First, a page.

This feels like….home. Warm, welcoming, friendly. Simply a class act.

It also pulls at my hearts’ strings due to the beer purchasing policy of nothing outside of 25 miles from St Ann’s Church. Local, in other words….. More should follow Gareth’s lead.

It’s small. Probably could fit no more than 60 if packed out. With the attractive clean lines and select Mancunian imagery decor, comfy seating and excellent bar policy, it should be rammed. But, tonight, it’s quiet. Which, wanting a beer and a chat, suits.

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5 local beers. Hmmmm……And one of them is one I’ve wanted to try since I saw the clip.

Baton Rouge by Mallinsons.

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Pristine. Red. Hoppy as a rabbits’ tea party. Yum.

The bar has only been open for three months or so and it has quickly become a favourite of many. It’s a place where you chat with people that you’ve never met, that comes with the size. One of it’s many charms.

I was in here recently with a Liverpudlian pal, Les O’Grady who remarked on something that I’ve noted but never really remarked upon – Loos with hot water! A rarity. This bar does all of the things that seem – to me at least – to be very simple. And it does them bloody well.

And, seeing how Linda left some for me, I had to have a Santiam by Track. Holy mother of WOW is it GOOD! So full of fruity citrus and with all of that bitterness you should get in an IPA. Just SO good…..

Friendly knowledgeable staff, great beer, seriously good tunage and excellent local snackage courtesy of Beehive Food all in a small package.

Like I said. My favourite Manc bar. With good reason.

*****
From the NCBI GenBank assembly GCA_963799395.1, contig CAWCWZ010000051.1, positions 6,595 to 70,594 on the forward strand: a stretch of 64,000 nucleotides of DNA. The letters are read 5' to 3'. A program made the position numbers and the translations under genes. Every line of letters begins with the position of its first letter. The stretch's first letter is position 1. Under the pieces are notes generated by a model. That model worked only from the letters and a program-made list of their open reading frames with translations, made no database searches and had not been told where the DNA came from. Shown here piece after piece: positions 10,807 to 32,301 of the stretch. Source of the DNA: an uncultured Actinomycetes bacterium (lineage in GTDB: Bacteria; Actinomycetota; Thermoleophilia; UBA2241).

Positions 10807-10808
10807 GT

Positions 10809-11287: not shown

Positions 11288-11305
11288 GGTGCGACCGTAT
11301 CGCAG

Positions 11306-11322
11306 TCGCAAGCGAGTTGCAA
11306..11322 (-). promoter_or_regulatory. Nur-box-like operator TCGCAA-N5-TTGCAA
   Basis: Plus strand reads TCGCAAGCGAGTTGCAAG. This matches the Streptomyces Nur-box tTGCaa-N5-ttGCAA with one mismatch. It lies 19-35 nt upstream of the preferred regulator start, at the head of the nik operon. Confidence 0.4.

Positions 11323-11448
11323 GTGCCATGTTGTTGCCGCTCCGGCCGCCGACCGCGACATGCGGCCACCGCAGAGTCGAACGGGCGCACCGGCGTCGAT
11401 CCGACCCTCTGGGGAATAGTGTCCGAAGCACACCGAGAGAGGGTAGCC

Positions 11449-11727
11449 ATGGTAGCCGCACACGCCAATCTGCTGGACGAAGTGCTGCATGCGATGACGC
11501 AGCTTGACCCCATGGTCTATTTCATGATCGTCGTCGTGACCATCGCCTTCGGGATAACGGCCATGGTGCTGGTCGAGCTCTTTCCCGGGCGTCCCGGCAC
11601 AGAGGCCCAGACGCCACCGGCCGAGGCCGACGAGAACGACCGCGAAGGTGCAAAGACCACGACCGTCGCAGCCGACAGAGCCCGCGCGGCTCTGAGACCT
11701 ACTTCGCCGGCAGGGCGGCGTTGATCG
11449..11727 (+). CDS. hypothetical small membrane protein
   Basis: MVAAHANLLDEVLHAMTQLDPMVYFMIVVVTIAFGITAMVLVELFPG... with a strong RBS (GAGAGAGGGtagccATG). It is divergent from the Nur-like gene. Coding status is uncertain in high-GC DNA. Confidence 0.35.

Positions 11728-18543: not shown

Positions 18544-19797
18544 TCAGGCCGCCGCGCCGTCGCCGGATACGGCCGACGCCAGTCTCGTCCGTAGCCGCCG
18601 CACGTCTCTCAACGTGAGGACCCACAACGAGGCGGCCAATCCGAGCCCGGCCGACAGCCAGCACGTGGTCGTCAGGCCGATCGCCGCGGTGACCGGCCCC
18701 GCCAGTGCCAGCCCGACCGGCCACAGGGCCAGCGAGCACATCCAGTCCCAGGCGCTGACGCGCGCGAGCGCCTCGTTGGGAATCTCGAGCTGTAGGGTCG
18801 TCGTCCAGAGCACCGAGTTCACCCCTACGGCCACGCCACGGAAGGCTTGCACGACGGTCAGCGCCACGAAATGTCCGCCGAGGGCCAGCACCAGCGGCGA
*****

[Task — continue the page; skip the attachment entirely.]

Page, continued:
So. There you have it. A 500 yard or so walk with 5 excellent pubs. Each different. All sharing one great virtue. Excellent beer.

You see. There IS life outside that there Northern Quarter. Go explore.

*(A commonsense approach to me. I know that some will whinge about lack of choice, but it seems obvious to me that when you walk in a great bar on a Friday night and drink a seriously “tired” beer, that too many bars have too many beers on when they simply aren’t busy enough.)

 

Manchester – Where It’s At?

Cotopaxi

“There’s a destination a little up the road
From the habitations and the towns we know
A place we saw the lights turn low
The jig-saw jazz and the get-fresh flow

Pulling out jives and jamboree handouts
Two turntables and a microphone
Bottles and cans just clap your hands
Just clap your hands

Where it’s at!
I got two turntables and a microphone…. “

(“Where It’s At” – Beck : YouTube Clip – GrandMa Bird)

On Friday evening, I returned home from a day at New Mills Beer Festival (bijou – as in small – to say the least) via Manchester. No plan to have a beer in “Town” at the start of the day, but plans, as you well know, have a habit of being…… shall we say…. dynamic?